French Open 2012 Scores: Most Surprising Results of Day 6

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French Open 2012 Scores: Most Surprising Results of Day 6
Mike Hewitt/Getty Images

Day 6 at the 2012 French Open provided us with some surprising scores that we didn't see coming.

The third-ranked player on the women's draw, Agnieszka Radwanska, was unceremoniously ousted without putting up much of a fight. 

She wasn't the only top seed to get their booties handed to them today, either. The hot clay at Roland Garros can be cruel and unforgiving to players who aren't at the top of their game. 

These were the most surprising results of Day 6 at this year's French Open.

Svetlana Kuznetsova (28) Defeated Agnieszka Radwanska (3) 6-1, 6-2

It's easy to see how Radwanska lost this match. She couldn't get the ball into play on her own serve almost 40 percent of the time. Furthermore, she was only able to tally 11 winners in total throughout the match. 

Kuznetsova dominated the match in every conceivable way. She was sharp on her serves, broke her opponent seven times and finished up in time for tea and crumpets.

It was an ugly performance from the world's No. 3 women's singles player—one I'm sure she would rather forget.

Petra Martic Defeated Anabel Medina Garrigues (29)  6-2, 6-1

Clive Brunskill/Getty Images
Garrigues was thoroughly dismantled by Martic in this one-sided affair, failing to convert a single break point in her embarrassing defeat.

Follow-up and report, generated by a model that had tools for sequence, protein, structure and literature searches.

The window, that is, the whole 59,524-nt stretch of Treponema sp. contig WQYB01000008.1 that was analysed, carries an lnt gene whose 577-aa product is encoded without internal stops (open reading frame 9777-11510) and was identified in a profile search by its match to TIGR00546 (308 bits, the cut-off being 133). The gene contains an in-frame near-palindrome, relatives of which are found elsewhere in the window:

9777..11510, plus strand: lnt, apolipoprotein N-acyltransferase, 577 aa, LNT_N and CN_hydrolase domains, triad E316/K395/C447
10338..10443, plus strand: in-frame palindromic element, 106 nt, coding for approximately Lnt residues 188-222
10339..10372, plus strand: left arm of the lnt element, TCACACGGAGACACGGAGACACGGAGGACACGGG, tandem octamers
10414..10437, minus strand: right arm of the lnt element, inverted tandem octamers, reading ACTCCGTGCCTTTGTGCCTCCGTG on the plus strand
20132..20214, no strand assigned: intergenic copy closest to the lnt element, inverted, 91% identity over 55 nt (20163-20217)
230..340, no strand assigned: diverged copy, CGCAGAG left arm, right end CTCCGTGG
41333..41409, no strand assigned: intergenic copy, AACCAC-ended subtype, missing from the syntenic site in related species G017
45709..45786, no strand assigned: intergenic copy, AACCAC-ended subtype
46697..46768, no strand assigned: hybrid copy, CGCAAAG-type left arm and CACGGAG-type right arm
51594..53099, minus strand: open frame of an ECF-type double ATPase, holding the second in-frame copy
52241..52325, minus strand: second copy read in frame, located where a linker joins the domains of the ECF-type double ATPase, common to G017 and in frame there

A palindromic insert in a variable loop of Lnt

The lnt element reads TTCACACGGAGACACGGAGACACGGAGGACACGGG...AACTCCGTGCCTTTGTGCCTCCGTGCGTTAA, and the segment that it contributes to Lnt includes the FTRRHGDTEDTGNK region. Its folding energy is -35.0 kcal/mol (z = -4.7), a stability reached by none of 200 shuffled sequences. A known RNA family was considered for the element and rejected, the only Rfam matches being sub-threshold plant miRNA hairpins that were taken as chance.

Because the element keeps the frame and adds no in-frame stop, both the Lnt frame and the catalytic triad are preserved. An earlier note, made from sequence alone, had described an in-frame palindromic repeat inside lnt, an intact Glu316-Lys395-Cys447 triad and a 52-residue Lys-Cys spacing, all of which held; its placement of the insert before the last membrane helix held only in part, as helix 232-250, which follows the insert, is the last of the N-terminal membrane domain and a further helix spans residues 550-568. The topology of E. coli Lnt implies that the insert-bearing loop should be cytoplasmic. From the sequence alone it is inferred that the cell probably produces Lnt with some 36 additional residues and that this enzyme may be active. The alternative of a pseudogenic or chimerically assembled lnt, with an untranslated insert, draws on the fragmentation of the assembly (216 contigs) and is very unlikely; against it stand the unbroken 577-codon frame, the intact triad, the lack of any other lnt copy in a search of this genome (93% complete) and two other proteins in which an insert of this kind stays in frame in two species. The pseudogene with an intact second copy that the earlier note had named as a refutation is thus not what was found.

On the other side, Martic converted five out of eight break-point opportunities, dominating her higher-seeded opponent and completing an unlikely upset.

The biggest reason Garrigues lost the match was due to her 22 unforced errors. She couldn't do anything right in this match, and as a result she is leaving Roland Garros earlier than she expected.

Andreas Seppi (22) Defeated Fernando Verdasco (14) 7-5, 3-6, 6-3, 4-6, 6-2

Mike Hewitt/Getty Images
This match on the men's side was a battle of attrition, as the five-set match took three hours and 23 minutes to complete. It was an all-out war of will at the end—a war that Seppi ultimately won.

Both men were their worst enemies at times in a match that featured 86 total unforced errors. In the end, it was Seppi's ability to convert break points and winners that won the match for him. 

This match was one that will haunt Verdasco for a while, as he had the momentum heading into the fifth and final set but failed to keep it.

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